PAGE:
What I find most interesting about the Tribulation is its potential to become a self-fulfilling prophecy. Evangelical American presidents have made monumentally dangerous decisions based upon the belief that it is their duty to move the world in the direction of the Second Coming. As I write this, ISIS too is attempting to bring on the Apocalypse. With three distinctly different groups–evangelical Christians, Islamic extremists, and Orthodox Jews–moving toward three very different versions of the end of days, the Tribulation, which Evangelical Christian envision as hell on earth, may very well come to pass.
In Coming of Age at the End of Days, LaPlante has crafted a darkly entertaining and often enlightening cautionary tale about what happens when youth and faith collide.
In the warm, practical style that her fans have come to expect, Gretchen Rubin explains why habits matter, and how to make them work for you, in her new book, Better Than Before: Mastering the Habits of Our Everyday Lives. Rubin begins by breaking people down into four groups: upholders, obligers, questioners, and rebels, providing checklists to help you decide where you fit in. She then goes on to delve into the psychology of habit formation, peppering her personal narrative and a good dose of self-help with quotations from the likes of St. Augustine and Benjamin Franklin.
Better Than Before is light but inspiring reading for anyone who wants to adopt a few new good habits, or discard some bad ones. If you’re like me, you’ll be very glad to have Rubin’s book in your hands, and equally glad that she isn’t your neighbor or sister, and that she hasn’t set her sights on your dietary habits. While the author often comes off as judgmental or meddling, her keen awareness of these traits in herself makes her more likable than you might expect.
Despite a tendency toward repetition, Rubin’s prose strikes a nice balance between engaging, informative, personal, and practical. Readers who loved to hate the author of Happier at Home–who came off as stingy with her money and her affections (she doesn’t like buying gifts and had to make an effort to kiss her husband before he left for work)–will likely find more common ground with the voice behind Better Than Before. Here, we get a glimpse of the author as committed friend, sister, and daughter, someone so passionate about exercise that she buys her sister a treadmill desk, and so intent on the benefits of de-cluttering that she spends hours cleaning out a friend’s apartment, only to realize that clutter doesn’t really bother him much. One gets the feeling that Rubin really likes to help people, and that all that busy-bodyness comes from a genuine mix of passion and compassion.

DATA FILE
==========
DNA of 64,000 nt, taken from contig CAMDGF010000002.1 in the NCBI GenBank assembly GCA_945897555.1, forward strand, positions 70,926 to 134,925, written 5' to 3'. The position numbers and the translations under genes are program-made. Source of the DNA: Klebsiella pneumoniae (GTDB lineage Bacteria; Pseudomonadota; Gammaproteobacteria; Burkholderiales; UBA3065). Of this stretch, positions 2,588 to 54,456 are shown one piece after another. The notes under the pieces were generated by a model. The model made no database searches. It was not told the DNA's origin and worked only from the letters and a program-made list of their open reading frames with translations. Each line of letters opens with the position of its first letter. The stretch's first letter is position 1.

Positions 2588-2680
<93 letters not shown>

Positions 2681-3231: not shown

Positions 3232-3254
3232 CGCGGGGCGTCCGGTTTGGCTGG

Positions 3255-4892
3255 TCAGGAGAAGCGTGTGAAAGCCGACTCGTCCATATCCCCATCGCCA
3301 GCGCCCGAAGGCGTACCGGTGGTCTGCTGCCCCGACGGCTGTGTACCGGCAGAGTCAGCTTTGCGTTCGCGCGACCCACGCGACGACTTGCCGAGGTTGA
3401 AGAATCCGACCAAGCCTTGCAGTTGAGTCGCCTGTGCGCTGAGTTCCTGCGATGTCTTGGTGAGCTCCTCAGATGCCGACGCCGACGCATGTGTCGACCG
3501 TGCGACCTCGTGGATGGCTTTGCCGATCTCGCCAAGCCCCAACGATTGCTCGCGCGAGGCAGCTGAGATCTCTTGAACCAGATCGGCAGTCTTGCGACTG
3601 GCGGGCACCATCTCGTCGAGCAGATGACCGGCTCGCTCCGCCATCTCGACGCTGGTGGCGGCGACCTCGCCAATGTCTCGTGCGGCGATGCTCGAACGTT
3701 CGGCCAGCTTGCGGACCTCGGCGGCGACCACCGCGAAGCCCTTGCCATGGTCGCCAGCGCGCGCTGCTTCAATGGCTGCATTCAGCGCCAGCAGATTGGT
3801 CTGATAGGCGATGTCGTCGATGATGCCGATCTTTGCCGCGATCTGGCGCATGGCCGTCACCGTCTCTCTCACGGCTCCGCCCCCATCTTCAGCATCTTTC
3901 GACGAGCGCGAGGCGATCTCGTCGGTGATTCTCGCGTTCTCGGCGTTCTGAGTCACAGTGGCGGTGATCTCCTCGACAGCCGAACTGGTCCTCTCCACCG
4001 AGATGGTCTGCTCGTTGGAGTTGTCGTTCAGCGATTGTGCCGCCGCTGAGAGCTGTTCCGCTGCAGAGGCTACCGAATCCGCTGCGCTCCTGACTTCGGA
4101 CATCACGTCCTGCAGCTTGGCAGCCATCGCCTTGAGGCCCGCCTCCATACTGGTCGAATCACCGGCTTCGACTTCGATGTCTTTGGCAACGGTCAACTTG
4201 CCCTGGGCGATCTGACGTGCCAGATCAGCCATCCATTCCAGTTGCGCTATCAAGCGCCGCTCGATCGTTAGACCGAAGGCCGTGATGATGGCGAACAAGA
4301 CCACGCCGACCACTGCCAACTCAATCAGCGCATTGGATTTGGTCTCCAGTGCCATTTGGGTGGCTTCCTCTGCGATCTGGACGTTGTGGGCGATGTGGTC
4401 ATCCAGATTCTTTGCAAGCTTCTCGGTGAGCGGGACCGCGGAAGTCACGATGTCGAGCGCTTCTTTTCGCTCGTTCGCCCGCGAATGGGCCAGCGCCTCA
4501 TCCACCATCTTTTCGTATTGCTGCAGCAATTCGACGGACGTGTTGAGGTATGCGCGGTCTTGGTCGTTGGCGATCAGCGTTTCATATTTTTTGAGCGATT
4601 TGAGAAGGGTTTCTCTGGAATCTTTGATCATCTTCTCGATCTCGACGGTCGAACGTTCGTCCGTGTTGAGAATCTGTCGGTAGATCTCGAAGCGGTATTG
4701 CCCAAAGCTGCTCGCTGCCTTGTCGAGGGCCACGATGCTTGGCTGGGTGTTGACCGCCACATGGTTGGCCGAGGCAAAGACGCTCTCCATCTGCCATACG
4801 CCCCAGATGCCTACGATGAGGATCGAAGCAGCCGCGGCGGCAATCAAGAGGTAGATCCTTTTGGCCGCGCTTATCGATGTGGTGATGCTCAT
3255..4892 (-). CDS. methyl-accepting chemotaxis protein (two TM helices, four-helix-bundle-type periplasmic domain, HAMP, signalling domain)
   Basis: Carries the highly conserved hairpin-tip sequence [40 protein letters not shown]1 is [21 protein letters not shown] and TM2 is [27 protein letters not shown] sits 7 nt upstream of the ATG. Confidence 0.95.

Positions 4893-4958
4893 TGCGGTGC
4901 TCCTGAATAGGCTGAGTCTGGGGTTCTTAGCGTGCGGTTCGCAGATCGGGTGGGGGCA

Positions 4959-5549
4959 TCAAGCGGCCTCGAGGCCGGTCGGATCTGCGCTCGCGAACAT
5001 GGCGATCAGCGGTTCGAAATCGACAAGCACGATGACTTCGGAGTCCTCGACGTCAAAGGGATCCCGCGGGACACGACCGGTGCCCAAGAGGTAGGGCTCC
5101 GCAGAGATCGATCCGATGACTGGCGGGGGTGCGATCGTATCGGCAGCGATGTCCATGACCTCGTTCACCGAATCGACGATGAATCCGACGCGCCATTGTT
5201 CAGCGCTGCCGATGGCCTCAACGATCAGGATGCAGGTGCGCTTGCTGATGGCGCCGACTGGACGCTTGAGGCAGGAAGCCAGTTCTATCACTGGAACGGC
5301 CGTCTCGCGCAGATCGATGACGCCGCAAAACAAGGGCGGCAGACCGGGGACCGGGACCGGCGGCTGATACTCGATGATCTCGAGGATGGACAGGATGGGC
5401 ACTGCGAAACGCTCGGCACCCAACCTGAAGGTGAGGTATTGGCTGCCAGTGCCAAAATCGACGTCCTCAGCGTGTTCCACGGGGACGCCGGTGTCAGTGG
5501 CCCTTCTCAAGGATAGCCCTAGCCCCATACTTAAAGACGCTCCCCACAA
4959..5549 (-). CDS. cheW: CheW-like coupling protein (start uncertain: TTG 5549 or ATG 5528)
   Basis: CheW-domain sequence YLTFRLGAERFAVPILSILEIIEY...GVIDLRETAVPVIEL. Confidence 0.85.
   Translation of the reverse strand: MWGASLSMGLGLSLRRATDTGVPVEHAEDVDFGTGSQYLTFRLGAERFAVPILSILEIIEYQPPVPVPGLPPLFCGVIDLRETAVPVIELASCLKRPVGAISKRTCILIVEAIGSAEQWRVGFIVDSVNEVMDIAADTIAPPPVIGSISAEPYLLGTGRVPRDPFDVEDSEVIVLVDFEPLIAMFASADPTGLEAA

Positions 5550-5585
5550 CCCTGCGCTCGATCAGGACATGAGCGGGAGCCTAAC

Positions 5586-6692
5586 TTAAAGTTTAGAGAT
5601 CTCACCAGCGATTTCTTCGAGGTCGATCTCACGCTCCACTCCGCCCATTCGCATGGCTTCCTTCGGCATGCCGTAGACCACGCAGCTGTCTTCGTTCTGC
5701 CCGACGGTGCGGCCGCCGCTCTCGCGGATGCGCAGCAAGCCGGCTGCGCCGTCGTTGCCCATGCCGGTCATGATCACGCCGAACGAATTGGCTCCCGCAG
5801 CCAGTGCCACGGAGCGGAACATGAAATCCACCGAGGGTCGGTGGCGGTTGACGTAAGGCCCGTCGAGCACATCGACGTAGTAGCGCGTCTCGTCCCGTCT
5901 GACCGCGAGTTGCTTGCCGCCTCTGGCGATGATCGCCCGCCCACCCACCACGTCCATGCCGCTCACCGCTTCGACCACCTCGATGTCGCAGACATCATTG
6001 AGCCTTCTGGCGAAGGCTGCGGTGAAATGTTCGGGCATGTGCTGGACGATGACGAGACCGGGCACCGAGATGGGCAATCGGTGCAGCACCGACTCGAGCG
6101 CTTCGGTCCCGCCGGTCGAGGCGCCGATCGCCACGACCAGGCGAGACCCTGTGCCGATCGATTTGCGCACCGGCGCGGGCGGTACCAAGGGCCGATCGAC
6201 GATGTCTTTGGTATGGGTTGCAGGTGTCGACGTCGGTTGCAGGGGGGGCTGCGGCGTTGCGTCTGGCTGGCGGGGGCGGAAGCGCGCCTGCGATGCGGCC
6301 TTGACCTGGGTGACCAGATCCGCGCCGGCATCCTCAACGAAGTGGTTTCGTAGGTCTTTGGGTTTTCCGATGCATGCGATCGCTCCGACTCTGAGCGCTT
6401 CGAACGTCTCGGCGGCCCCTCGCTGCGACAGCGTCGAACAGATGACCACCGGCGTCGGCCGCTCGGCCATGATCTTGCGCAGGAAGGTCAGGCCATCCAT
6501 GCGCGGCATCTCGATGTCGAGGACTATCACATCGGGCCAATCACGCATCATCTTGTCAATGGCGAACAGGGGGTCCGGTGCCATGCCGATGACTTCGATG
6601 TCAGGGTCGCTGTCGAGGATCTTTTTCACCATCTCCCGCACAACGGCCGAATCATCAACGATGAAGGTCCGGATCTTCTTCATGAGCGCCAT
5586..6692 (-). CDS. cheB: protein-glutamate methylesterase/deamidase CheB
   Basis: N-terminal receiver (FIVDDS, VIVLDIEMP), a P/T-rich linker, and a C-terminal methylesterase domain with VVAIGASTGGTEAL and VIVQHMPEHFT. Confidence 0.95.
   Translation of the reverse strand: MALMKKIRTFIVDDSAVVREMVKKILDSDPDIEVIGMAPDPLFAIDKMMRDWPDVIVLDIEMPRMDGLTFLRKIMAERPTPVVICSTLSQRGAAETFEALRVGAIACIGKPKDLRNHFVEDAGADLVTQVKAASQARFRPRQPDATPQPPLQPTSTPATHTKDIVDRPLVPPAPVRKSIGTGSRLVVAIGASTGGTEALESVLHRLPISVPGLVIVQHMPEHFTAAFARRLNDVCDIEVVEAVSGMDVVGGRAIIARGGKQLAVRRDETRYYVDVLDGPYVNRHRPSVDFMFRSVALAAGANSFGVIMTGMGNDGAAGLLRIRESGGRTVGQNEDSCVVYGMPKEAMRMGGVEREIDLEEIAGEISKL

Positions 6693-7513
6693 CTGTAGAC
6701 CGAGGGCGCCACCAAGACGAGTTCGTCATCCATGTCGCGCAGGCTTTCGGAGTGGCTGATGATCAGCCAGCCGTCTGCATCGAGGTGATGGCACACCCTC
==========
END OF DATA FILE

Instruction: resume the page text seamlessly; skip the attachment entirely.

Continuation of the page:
Readers who started their own happiness projects after reading The Happiness Project are likely to enjoy Rubin’s latest effort. While there is something slightly grating about the author (she hates travel and interesting food and never misses an opportunity, in any of her books, to remind readers that she once clerked for Justice Sandra Day O’Connor), there is something inspiring about her as well. Although it sounds like a line from a bad romcom, she really does make you want to be a better version of yourself. If it’s any indication of just how practical this book is, I’ve already started keeping track of three new habits, and I’ve even started researching DIY treadmill desks.
A wonderful glimpse inside the mind of a stunningly prolific and intensely imaginative writer. Recommended for Bradbury fans, of course, but also for anyone interested in pursuing the writing life. Great inspiration for writers at any stage in their career who are feeling unproductive or uninspired. Read with Bradbury Unbound to get a full picture of the writer’s habits and the challenges and successes of his very long writing life.